Russian President Putin Dials Obama To Discuss Syria, And Ukraine: Ministers To Meet Discuss More

By @diplomatist10 on
A huge video screen on Sword Beach shows U.S. President Barack Obama and Russian President Vladimir Putin as they arrive for the International 70th D-Day Commemoration Ceremony in Ouistreham June 6, 2014. World leaders and veterans gathered by the beaches
A huge video screen on Sword Beach shows U.S. President Barack Obama and Russian President Vladimir Putin as they arrive for the International 70th D-Day Commemoration Ceremony in Ouistreham June 6, 2014. World leaders and veterans gathered by the beaches of Normandy on Friday to mark the 70th anniversary of the Allied D-Day landings that helped turn the tables in World War Two. REUTERS/Kevin Lamarque Reuters/Kevin Lamarque

Russian president Vladimir Putin of Russia dialed President Barack Obama and held one to one conversation on matters of mutual interest. It was their first direct contact in four months, after the United States and Russia stuck to their respective positions, justifying their Ukraine policies despite working together on a number of issues such as Syria and Iran’s nuclear program.

The White House said both leaders brought up the ongoing war against the Islamic State in Syria and agreed for a meeting between Secretary of State John Kerry and Russian Foreign Minister Sergey V. Lavrov for looking at ways in countering the spread of radicalism in Middle East. They also shared views on the progress on talks related to Iran’s nuclear program.

Ukraine Issue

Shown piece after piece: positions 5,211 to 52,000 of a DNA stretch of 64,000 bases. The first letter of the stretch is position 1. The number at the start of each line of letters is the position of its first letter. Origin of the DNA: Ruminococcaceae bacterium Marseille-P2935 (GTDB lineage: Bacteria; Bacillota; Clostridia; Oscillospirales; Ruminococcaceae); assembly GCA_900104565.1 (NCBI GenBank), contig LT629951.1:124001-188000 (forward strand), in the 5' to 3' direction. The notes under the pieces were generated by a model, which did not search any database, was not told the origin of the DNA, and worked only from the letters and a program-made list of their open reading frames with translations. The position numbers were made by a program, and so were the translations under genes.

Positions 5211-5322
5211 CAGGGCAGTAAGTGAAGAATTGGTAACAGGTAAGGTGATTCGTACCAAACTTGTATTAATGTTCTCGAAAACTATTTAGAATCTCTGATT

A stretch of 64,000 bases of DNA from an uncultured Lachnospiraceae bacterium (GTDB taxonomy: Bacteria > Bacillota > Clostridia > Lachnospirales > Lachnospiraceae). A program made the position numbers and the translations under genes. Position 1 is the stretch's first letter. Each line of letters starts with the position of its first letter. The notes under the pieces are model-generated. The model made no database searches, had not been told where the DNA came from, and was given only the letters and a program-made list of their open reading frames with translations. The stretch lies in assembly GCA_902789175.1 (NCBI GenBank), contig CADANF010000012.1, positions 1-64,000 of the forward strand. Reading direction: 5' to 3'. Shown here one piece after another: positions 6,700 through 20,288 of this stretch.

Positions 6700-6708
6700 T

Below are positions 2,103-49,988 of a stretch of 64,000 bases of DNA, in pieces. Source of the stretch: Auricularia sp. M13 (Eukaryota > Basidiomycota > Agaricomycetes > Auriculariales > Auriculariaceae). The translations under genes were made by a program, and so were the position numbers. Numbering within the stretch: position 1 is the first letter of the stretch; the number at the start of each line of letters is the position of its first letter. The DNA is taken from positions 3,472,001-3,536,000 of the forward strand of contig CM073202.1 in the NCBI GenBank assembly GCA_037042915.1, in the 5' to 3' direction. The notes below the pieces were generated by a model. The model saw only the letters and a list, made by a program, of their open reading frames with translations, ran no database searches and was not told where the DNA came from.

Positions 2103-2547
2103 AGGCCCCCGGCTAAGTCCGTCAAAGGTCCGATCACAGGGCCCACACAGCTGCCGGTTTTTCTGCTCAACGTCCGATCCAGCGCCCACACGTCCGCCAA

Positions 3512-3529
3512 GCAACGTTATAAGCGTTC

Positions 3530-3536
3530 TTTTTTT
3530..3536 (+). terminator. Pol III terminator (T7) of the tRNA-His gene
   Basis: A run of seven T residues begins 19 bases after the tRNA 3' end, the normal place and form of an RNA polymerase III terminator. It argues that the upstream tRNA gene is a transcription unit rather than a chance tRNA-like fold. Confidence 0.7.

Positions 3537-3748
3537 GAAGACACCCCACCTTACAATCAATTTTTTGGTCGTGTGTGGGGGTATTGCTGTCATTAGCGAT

American officials said Mr. Obama raised the Ukraine issue and the separatist war and pushed Mr. Putin to abide by the diplomatic agreement known as the Minsk accord to halt the violence in eastern Ukraine despite a ceasefire.

 “President Obama reiterated the need for Russia to fulfill its commitments under the Minsk agreements, including the removal of all Russian troops and equipment from Ukrainian territory,” the White House said. For allaying the misperceptions, Kremlin said Mr. Putin agreed to have his deputy foreign minister Grigory Karasin talk with Victoria J. Nuland, assistant secretary of state, about Russia’s fulfillment of the Minsk accord.

Kremlin's English website said, "significant attention" was paid on the topic of ISIS and terrorism in the Middle East. “Vladimir Putin and Barack Obama agreed to instruct Russian Foreign Minister Sergei Lavrov and U.S. Secretary of State John Kerry to hold a meeting to discuss this issue," Kremlin said.

Putin’s Strategy

Some observers say that Mr. Putin’s decision to call Mr. Obama and focus more on Syria and Iran is a way to assert his importance on the world stage despite Russia’s isolation and failure to impress the Western nations on ending sanctions against it. On Syria, both United States and Russia are holding opposite positions. While, Moscow supports the government of President Bashar al-Assad, Mr. Obama wanted him to quit. American officials hope that Mr. Putin will have a rethink on the Syrian position after seeing the rise of Islamic State and the growing threat it is posing to all countries. They are hoping, Mr Putin will apply pressure on Mr. Assad.

There is also a thinking that Mr Putin’s renewed interest on Syria might also be a way to circumvent the West’s focus on Ukraine, which is at the root of the economic sanctions faced by Russia. Incidentally, Mr Putin’s call came on the same day the supreme allied commander of NATO, cited the continuous flow of ammunition from Russia across the border to Ukraine.

(For feedback/comments, contact the writer at k.kumar@ibtimes.com.au)